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The Twenty-One Balloons is one of my favorite books, and I love picturing the scene in which the Higgons Balloon Factory is foiled in its efforts to complete its contract.
This factory, which was chosen to honor Professor Sherman because it had made his balloon, is supposed to provide for a thousand small balloons to decorate this stretch of road, the road Professor Sherman will travel on as he leaves the railroad station and proceeds to the Explorers Club, to reveal the story of his astounding journey. The factory makes these balloons in record time and they are attached at various points along the avenue in anticipation of Professor Sherman's arrival.
Because these balloons are filled with helium and have a pulling weight of approximately sixty pounds, when one young boy decides to play with one, he finds he is able fly a bit with a running jump. When his little brother, who weighed more less than sixty pounds decides to try this, too, he flies a bit more than he expected and manages to stop himself from going any higher only by wrapping his legs around a church steeple, and the fire department has to rescue him. While all of this is happening, more of the Higgins small balloons are being destroyed as sparks from chimneys along the route fall on them, causing them to explode. The poor fire department has its hands full. It has to station firefighters along the entire route to safeguard against fires and mischievous little boys.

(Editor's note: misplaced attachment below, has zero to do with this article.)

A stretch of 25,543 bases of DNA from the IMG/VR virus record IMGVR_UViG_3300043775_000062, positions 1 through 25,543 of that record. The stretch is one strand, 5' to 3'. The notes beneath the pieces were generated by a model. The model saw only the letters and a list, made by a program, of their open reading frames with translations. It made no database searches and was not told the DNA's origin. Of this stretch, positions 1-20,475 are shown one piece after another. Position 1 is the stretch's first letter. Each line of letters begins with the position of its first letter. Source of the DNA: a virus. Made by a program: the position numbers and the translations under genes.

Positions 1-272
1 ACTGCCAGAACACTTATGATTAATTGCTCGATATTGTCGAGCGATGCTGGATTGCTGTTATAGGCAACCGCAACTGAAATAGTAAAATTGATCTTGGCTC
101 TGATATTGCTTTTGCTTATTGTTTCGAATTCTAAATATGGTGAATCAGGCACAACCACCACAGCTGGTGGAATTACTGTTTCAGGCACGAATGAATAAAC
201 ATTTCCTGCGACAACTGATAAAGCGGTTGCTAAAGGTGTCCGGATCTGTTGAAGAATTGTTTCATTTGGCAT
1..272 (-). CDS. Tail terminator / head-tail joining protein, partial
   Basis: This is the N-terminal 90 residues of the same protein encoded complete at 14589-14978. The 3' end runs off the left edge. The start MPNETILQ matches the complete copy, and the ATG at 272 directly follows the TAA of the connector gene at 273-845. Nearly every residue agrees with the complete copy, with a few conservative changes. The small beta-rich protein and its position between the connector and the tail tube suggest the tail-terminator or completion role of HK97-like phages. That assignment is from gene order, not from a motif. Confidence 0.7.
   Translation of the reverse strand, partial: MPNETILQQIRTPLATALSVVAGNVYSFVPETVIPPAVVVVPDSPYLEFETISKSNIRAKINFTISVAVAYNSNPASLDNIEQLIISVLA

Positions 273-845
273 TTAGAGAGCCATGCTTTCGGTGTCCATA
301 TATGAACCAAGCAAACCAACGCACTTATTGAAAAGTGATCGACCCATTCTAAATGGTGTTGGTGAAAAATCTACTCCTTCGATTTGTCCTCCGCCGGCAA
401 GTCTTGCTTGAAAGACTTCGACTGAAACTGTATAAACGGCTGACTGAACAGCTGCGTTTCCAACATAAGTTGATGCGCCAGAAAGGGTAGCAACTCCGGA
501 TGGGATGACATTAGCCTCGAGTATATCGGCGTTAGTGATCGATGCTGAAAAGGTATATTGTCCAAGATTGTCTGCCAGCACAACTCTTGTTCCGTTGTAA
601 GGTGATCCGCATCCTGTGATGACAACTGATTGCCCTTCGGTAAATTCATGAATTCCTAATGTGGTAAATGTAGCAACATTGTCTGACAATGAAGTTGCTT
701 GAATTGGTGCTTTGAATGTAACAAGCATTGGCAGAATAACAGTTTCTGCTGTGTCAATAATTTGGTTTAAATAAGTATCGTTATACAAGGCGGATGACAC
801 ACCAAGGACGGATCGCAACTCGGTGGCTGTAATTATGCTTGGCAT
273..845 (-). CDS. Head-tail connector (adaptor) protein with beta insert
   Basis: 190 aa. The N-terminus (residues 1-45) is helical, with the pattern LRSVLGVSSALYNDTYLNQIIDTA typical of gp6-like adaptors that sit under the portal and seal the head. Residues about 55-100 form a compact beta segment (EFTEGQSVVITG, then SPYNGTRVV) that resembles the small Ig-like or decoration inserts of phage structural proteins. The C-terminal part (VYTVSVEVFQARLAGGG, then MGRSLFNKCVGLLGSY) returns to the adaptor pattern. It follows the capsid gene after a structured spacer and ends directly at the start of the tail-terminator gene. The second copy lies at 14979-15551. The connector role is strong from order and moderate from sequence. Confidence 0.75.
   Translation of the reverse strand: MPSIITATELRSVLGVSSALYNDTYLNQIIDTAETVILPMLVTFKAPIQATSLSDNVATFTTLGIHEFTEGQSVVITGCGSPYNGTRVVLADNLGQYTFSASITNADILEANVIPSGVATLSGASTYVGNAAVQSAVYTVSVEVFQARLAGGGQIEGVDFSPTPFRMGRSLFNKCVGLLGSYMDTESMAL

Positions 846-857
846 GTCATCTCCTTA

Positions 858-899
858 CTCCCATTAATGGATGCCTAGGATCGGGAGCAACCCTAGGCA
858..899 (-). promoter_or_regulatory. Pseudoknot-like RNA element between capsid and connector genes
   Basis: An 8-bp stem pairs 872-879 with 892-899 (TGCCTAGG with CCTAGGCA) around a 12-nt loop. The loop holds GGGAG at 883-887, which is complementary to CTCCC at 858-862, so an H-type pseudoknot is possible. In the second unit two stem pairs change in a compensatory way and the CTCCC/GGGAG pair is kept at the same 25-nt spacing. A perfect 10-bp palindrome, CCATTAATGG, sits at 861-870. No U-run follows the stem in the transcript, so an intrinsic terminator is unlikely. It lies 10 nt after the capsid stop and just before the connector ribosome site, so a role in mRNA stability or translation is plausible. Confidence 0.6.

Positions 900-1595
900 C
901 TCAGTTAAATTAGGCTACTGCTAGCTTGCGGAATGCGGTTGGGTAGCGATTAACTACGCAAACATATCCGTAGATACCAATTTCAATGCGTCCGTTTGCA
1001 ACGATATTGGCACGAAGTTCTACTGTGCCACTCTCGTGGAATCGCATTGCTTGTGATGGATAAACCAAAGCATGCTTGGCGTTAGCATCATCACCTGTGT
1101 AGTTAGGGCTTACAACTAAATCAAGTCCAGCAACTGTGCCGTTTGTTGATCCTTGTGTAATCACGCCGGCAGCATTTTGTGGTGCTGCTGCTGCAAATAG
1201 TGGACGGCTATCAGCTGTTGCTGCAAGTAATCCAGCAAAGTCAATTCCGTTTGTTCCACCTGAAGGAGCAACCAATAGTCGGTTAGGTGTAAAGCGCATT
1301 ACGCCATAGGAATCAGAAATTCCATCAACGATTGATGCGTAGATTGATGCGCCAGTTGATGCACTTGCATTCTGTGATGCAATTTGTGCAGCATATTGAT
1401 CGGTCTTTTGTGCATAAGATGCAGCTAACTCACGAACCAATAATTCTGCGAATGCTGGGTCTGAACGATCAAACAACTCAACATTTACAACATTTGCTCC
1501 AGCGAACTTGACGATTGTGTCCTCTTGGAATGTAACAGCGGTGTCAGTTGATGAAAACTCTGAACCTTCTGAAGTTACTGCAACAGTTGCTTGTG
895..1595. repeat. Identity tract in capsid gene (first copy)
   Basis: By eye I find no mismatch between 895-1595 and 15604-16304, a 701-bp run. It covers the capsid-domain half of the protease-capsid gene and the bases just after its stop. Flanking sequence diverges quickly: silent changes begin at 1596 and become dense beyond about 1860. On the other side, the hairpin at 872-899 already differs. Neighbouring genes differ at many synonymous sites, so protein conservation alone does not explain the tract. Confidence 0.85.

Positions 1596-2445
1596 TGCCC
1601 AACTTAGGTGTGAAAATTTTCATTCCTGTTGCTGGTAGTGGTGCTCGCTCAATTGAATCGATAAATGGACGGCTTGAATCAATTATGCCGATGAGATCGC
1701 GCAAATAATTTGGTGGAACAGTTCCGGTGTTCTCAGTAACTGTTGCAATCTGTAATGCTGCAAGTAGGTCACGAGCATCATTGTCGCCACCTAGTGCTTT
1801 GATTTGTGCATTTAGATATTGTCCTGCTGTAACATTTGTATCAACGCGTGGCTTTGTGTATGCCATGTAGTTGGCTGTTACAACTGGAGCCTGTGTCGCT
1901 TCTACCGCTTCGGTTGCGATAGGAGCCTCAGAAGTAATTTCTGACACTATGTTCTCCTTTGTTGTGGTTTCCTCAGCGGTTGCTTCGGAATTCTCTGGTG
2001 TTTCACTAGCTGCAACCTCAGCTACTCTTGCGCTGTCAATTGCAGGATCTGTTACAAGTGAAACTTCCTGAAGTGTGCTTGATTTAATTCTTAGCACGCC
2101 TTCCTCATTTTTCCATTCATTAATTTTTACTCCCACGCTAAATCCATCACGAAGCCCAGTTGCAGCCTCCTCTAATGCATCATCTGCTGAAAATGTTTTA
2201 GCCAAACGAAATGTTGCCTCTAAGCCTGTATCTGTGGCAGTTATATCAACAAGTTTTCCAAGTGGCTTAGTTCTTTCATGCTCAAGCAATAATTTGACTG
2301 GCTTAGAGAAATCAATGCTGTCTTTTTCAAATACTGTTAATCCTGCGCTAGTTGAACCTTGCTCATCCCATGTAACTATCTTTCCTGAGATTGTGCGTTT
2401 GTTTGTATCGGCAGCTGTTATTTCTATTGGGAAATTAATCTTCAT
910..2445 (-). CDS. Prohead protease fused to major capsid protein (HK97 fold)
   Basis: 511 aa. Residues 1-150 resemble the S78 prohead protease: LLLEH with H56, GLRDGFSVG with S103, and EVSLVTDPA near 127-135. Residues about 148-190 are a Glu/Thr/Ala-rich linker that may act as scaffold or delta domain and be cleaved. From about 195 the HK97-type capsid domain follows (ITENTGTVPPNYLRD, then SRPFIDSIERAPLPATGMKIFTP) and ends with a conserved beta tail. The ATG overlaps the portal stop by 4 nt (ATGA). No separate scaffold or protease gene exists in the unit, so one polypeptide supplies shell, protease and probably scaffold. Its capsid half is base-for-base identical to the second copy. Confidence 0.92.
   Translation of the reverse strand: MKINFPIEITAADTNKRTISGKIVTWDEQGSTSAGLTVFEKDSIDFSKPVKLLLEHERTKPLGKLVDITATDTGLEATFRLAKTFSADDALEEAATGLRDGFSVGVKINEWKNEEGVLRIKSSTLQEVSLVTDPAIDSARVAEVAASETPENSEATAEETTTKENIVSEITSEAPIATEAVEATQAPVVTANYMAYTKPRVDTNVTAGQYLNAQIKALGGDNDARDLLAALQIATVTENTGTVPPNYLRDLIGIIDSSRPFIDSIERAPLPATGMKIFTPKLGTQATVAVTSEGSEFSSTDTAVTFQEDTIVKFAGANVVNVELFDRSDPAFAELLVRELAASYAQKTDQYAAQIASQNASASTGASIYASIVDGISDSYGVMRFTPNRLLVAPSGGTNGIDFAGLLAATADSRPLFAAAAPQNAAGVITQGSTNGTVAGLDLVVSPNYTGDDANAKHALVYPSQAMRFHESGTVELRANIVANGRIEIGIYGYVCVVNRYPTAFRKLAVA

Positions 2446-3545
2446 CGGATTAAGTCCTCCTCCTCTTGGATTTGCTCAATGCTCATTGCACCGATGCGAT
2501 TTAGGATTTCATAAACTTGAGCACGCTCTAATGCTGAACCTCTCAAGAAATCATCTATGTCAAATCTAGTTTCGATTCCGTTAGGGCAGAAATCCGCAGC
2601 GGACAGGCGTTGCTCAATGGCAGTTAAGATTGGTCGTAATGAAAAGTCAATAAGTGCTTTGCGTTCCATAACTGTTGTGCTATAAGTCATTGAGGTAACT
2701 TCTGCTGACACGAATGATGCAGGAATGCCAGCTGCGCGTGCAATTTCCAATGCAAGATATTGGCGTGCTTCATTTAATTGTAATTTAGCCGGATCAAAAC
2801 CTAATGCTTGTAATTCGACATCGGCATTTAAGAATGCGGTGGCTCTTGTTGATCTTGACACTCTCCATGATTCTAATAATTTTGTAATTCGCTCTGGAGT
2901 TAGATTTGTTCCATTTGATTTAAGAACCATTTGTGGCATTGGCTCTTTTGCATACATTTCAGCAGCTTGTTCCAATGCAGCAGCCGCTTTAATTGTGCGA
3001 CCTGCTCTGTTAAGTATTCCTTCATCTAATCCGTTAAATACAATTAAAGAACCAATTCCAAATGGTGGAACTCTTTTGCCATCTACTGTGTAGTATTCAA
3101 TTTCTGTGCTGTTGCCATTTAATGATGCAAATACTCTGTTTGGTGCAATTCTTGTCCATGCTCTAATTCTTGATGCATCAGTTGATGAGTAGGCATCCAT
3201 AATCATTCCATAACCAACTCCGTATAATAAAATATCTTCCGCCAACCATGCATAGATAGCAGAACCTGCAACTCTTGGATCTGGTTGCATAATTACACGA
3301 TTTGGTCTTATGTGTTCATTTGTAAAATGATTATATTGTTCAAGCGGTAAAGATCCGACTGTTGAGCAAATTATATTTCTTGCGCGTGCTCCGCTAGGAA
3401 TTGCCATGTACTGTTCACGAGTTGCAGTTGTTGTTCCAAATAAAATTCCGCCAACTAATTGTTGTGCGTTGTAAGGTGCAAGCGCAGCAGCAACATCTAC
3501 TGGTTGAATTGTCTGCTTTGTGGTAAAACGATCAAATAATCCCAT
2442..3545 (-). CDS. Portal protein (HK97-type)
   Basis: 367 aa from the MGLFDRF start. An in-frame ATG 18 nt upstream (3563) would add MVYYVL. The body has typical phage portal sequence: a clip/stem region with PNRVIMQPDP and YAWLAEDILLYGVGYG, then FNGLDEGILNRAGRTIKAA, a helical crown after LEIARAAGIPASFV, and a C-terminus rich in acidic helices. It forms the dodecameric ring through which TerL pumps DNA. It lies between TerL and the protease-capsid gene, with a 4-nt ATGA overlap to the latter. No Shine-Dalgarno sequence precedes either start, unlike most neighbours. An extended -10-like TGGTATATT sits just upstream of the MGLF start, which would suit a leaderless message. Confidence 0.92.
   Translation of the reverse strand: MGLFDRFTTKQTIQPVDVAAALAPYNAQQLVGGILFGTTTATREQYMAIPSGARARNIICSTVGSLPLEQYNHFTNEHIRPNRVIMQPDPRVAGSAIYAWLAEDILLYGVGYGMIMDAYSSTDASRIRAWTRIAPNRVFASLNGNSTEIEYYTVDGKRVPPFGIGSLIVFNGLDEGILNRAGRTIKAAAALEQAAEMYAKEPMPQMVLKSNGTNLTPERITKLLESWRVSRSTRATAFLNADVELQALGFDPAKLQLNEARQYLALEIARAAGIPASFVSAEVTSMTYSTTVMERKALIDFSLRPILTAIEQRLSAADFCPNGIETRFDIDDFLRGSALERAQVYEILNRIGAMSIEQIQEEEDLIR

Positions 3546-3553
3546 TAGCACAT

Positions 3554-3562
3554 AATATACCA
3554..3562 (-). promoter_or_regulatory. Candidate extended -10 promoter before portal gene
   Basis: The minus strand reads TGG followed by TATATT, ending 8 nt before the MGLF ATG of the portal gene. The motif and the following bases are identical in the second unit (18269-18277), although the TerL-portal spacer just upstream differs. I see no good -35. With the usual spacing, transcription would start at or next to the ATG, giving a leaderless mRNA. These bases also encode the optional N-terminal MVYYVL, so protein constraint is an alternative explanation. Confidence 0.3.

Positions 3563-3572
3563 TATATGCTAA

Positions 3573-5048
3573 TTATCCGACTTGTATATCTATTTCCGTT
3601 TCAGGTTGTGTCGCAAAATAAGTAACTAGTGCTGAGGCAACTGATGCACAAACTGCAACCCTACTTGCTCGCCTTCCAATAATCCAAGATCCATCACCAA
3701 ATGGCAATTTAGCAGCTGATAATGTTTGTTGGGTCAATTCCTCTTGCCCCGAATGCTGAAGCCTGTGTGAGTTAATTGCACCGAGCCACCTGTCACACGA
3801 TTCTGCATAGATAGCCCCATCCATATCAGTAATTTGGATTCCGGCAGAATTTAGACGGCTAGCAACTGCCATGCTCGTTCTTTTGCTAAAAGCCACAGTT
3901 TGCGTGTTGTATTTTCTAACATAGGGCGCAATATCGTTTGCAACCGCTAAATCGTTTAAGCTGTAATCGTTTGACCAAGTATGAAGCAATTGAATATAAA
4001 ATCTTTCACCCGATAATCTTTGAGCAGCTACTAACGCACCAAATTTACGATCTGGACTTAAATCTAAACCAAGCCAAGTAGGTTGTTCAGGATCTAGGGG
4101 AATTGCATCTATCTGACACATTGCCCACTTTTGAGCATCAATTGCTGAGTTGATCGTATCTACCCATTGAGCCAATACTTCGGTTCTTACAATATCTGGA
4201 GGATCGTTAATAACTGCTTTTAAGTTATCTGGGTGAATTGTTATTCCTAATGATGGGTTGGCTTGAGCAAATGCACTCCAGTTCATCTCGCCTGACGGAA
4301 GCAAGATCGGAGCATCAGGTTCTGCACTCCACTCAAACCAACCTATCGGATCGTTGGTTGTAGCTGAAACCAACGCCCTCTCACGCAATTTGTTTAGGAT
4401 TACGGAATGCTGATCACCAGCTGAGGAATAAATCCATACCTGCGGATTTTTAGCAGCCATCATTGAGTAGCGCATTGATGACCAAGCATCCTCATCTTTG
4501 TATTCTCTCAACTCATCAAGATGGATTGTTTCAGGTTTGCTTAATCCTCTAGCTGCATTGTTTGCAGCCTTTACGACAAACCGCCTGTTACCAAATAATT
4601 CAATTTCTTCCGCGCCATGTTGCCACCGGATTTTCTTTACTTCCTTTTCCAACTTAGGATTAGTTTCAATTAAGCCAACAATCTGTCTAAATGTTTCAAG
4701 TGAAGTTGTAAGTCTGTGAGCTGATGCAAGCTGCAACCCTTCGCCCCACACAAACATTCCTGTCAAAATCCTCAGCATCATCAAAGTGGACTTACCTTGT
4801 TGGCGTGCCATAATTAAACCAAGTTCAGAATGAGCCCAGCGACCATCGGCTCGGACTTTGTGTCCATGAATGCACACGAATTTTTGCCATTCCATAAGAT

The city has balloon fever, in anticipation of Professor Sherman's arrival, and much of this chapter has vivid and humorous events about the balloons that literally arise in the story.
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